If we run the AC the water drips on my husband when he is asleep... At this point I am second guessing myself and wondering if water can condense inside the duct to drip this much because the duct is right under the pan and I am thinking now I don't even know what might be dripping.

When I look in the evaporator I can't see ice forming in the pan, but it is possible since It's rather difficult to visualize-that side of the pan is against the wall and the guy that put this in really wedged it in tight. Would installing a pump be a waste of time? Would it move the water out any faster than the gravity fed drain? I recognize that if its condensing in the duct this wont help but I am trying to go to the next logical step to rule stuff out. I am so grateful for the advice. I can't thank you enough.
 
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Old 06-22-15, 08:40 PM
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If you cut in a vent test it by putting a small flame to the top opening. If it sucks in you need a trap. My guess is a running trap will only be two or three inches deep. Maybe you need to redo a good section to get a good slope if what you got there does not drain well. You sure it's not slow because of build up ?
 
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Old 07-16-15, 05:10 PM
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Okay So I put in a new AC... and it still leaks!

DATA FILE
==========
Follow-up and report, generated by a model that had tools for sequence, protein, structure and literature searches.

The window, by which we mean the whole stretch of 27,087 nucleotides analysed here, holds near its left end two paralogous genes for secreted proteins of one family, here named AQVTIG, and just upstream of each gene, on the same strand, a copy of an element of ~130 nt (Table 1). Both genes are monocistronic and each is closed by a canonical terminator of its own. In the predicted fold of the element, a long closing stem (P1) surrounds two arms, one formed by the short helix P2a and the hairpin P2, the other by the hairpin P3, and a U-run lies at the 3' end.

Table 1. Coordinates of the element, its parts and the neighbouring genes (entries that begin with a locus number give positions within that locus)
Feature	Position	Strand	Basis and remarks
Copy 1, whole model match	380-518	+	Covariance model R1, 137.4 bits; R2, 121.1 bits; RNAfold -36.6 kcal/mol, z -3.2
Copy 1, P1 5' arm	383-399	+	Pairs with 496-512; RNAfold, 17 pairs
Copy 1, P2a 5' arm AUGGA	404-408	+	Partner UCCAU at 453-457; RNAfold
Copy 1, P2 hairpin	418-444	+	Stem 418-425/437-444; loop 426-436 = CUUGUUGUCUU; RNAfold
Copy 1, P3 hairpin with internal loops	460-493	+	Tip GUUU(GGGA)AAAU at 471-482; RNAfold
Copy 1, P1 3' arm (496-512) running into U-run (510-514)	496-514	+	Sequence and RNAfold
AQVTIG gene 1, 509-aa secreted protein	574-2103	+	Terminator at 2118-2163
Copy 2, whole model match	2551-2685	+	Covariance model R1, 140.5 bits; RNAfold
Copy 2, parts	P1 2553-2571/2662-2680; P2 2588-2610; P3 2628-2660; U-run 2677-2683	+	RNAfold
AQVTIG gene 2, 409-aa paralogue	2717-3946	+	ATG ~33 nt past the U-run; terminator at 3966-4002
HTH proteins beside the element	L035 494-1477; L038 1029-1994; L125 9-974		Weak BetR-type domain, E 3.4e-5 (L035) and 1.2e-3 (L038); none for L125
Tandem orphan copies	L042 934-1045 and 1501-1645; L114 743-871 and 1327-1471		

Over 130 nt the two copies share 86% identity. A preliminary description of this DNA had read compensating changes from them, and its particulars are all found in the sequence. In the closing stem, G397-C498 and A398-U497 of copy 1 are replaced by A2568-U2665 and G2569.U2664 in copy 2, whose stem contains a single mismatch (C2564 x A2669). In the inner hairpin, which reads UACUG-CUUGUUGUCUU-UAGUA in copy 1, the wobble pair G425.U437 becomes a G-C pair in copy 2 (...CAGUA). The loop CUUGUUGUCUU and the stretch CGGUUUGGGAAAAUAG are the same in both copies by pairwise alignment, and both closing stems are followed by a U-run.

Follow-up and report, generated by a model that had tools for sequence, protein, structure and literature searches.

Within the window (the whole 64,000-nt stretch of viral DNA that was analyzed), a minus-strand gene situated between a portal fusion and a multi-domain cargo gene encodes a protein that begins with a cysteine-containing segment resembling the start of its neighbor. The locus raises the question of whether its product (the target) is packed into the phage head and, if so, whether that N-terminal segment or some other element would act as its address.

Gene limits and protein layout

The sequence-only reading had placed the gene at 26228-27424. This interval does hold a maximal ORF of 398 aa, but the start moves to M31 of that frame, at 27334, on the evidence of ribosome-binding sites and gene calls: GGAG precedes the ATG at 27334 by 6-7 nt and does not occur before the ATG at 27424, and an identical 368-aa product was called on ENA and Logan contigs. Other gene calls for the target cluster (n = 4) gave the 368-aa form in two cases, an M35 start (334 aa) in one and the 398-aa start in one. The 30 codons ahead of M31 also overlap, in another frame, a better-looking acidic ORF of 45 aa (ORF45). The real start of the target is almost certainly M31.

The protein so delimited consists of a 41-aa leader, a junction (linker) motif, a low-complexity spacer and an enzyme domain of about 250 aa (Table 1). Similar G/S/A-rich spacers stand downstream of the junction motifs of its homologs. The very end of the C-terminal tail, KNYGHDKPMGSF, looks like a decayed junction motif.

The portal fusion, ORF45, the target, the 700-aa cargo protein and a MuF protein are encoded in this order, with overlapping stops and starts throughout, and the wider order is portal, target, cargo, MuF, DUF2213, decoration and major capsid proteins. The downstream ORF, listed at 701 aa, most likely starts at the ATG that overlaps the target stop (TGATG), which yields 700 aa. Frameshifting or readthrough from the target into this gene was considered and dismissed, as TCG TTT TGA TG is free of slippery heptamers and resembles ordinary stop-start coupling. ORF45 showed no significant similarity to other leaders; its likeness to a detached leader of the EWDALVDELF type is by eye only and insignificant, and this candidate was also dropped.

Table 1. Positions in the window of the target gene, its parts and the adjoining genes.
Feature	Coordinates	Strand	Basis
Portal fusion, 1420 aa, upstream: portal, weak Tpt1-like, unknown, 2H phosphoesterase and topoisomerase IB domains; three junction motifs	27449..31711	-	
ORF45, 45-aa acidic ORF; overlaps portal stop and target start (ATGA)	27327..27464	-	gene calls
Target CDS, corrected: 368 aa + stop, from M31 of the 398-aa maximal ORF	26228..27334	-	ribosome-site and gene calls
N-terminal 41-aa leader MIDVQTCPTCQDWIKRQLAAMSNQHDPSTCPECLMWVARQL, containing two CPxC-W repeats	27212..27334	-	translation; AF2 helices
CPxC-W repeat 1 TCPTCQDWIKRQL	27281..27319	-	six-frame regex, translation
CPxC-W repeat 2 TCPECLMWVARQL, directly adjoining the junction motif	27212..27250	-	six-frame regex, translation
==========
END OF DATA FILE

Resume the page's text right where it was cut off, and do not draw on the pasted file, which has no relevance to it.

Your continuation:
Okay friends I need some serious help. I had the whole unit replaced and I still am having condensation dripping from one spot in the ductwork. It is the same place it was leaking before although not nearly as bad. I called the tech back and all he did was open the access panel to decrease the pressure (which was what I was doing before I even replaced the unit) so I am a little unhappy. Before I call them back, I would like to have an idea of what could be causing this. I have been told it could be related to the set up-The blower fan is on top of the evaporator blowing the air downward into the duct. I have been told that ideally the ductwork should be on top with the fan blowing upwards through the coil or on it's side. The condensation is about six inches from where ducting leaves under the evaporator. I have also noticed the house is rather humid (50% on avg even when the AC runs). Is it possible that the air coming out is too humid due to the setup? This was the technicians next guess. I am losing trust with this guy and am already out 4g but the dumping buckets of water is killing me! Oh and yes they installed a vent so that wasn't the issue.